Fermented Foods Still on Top, but Superfood List Sees Some Changes

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Fermented Foods Still on Top, but Superfood List Sees Some Changes

12/20/2018
Fermented Foods Still on Top, but Superfood List Sees Some Changes Pollock Communications Today's Dietitian
Top 10 superfoods as chosen by registered dietitian nutritionists in the annual What's Trending in Nutrition? survey

According to the 7th annual What’s Trending in Nutrition? Survey from Pollock Communications and trade publication Today’s Dietitian, fermented foods retained their top spot on the list of superfoods for 2019, joined by new entries beets, blueberries and nondairy milks.

Perhaps even more interestingly, the registered dietitian nutritionists (RDNs) surveyed said that a “healthy” label will begin to outpace cost and taste as consumer purchase drivers, as healthfulness moved up to second place, while convenience remained at No. 1 and cost and taste took the third and fourth spots, respectively, followed by natural, organic and gluten-free.

“We have witnessed a progression in consumer demand for ‘health’ and ‘clean’ throughout the seven years of our survey, and as Millennials have been moving into their 30s,” noted Louise Pollock, president of Pollock Communications, a New York -based, independent full-service food, health, and wellness public relations agency. “We have seen the food industry respond by changing their strategy from a taste, cost-driven approach to one that appeals to these powerful health and wellness-seeking consumers.”

As for diets, dietitians identified keto, which requires significant reductions of carbohydrates, grains and sugar in favor of vegetables, animal fat and meat, as the most popular consumer regimen, dislodging clean eating from last year’s No. 1 ranking, while intermittent fasting showed up for the first time, in second place. Clean eating, meanwhile, fell to No. 3. Respondents noted that consumers are seeking diets primarily to weight loss.

“It's not that ‘clean eating’ has declined in popularity,” clarified Pollock Communications SVP Jenna A. Bell, PhD, RDN. “We are still seeing the consumer push for cleaner labels and the industry continues their work to deliver it. But what’s different here is that Millennial consumers are going beyond eliminating a food group, like cutting gluten, to making more drastic changes that require real lifestyle adjustments.”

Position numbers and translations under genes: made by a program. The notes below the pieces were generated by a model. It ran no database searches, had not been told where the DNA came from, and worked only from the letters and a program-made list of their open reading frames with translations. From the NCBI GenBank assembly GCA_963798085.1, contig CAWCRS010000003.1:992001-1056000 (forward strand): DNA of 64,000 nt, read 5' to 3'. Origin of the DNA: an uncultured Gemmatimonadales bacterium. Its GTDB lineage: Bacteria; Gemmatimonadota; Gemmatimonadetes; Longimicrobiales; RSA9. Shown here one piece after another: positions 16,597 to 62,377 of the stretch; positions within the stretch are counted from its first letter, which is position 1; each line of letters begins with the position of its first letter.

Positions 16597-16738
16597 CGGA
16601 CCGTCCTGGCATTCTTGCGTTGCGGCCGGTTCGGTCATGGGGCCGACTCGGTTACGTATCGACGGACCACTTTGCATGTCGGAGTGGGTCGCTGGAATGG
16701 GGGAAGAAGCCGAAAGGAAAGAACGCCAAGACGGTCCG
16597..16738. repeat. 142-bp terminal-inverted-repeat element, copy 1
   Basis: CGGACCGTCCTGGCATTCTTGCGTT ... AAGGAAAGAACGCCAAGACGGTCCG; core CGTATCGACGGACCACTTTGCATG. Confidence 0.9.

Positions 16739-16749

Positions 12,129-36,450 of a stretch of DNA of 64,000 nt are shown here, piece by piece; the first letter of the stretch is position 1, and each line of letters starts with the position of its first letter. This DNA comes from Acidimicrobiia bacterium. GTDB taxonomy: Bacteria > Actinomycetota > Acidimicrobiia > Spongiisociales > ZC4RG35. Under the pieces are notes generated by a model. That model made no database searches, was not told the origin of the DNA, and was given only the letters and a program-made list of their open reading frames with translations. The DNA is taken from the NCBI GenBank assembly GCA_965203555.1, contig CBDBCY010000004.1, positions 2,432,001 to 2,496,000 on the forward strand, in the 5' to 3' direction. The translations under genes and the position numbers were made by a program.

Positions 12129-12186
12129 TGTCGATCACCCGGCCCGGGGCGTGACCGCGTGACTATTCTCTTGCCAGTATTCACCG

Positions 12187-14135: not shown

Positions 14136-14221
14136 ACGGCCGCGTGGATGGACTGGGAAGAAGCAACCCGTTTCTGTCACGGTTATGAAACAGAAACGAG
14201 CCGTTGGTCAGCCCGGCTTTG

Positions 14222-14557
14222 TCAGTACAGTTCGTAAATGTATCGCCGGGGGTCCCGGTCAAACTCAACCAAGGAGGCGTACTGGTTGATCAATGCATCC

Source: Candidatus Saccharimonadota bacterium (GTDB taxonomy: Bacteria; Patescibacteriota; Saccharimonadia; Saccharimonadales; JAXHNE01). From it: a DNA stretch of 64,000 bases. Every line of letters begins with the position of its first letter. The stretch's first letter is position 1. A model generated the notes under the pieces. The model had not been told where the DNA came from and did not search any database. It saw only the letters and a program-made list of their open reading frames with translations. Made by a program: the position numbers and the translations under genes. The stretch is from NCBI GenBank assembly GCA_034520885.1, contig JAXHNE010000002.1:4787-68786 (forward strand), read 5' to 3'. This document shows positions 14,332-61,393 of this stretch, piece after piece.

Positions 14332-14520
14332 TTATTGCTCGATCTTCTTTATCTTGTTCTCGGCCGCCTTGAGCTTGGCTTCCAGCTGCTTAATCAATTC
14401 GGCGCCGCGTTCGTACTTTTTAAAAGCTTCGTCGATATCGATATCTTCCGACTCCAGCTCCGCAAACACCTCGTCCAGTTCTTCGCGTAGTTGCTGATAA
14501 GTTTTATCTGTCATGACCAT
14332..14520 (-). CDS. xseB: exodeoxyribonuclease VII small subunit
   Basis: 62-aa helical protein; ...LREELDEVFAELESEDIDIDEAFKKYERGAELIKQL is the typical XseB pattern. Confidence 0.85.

According to Bell, this shift reflects a greater recognition of the importance of what we eat: “[I]t's beyond food is medicine; now food is the core of wellness.” 

The top 10 superfoods for 2019 are:

  1. Fermented foods, like yogurt, kefir, kombucha, sauerkraut, tempeh, kimchi and miso
  2. Avocado
  3. Seeds
  4. Ancient grains
  5. Exotic fruit, like acai and golden berries
  6. Blueberries
  7. Beets
  8. Nuts
  9. Coconut products
  10. Nondairy milks

The continuing popularity of fermented foods is likely attributable to their powerful benefits, which include boosting gut health and reducing inflammation. Meanwhile, kale has dropped off list, with nondairy milks securing the No. 10 spot, thanks to the rise in popularity of plant proteins and making plant-based swaps. Speaking of plants, beets and blueberries are also new to this year’s list.

“Plant-based eating has been a major focus in the dietetic community,” affirmed Bell. “Now, consumers are hearing this message and it’s what they want.”

“RDs are experts at predicting trends because they consistently know what to expect from consumers,” said Today’s Dietitian Publisher Mara Honicker. “Their trustworthy nutrition knowledge educates and improves consumer wellness, and their insights drive the future of food in industry and public policy.”

Other survey results include the finding that Facebook is still the top source for consumers to receive nutritional information, followed by blogs and Instagram, with celebrities and friends/family remaining the top sources from whom consumers receive such misinformation.

With 1,342 registered RDNs taking part, the annual survey reveals what they predict consumers are thinking and eating.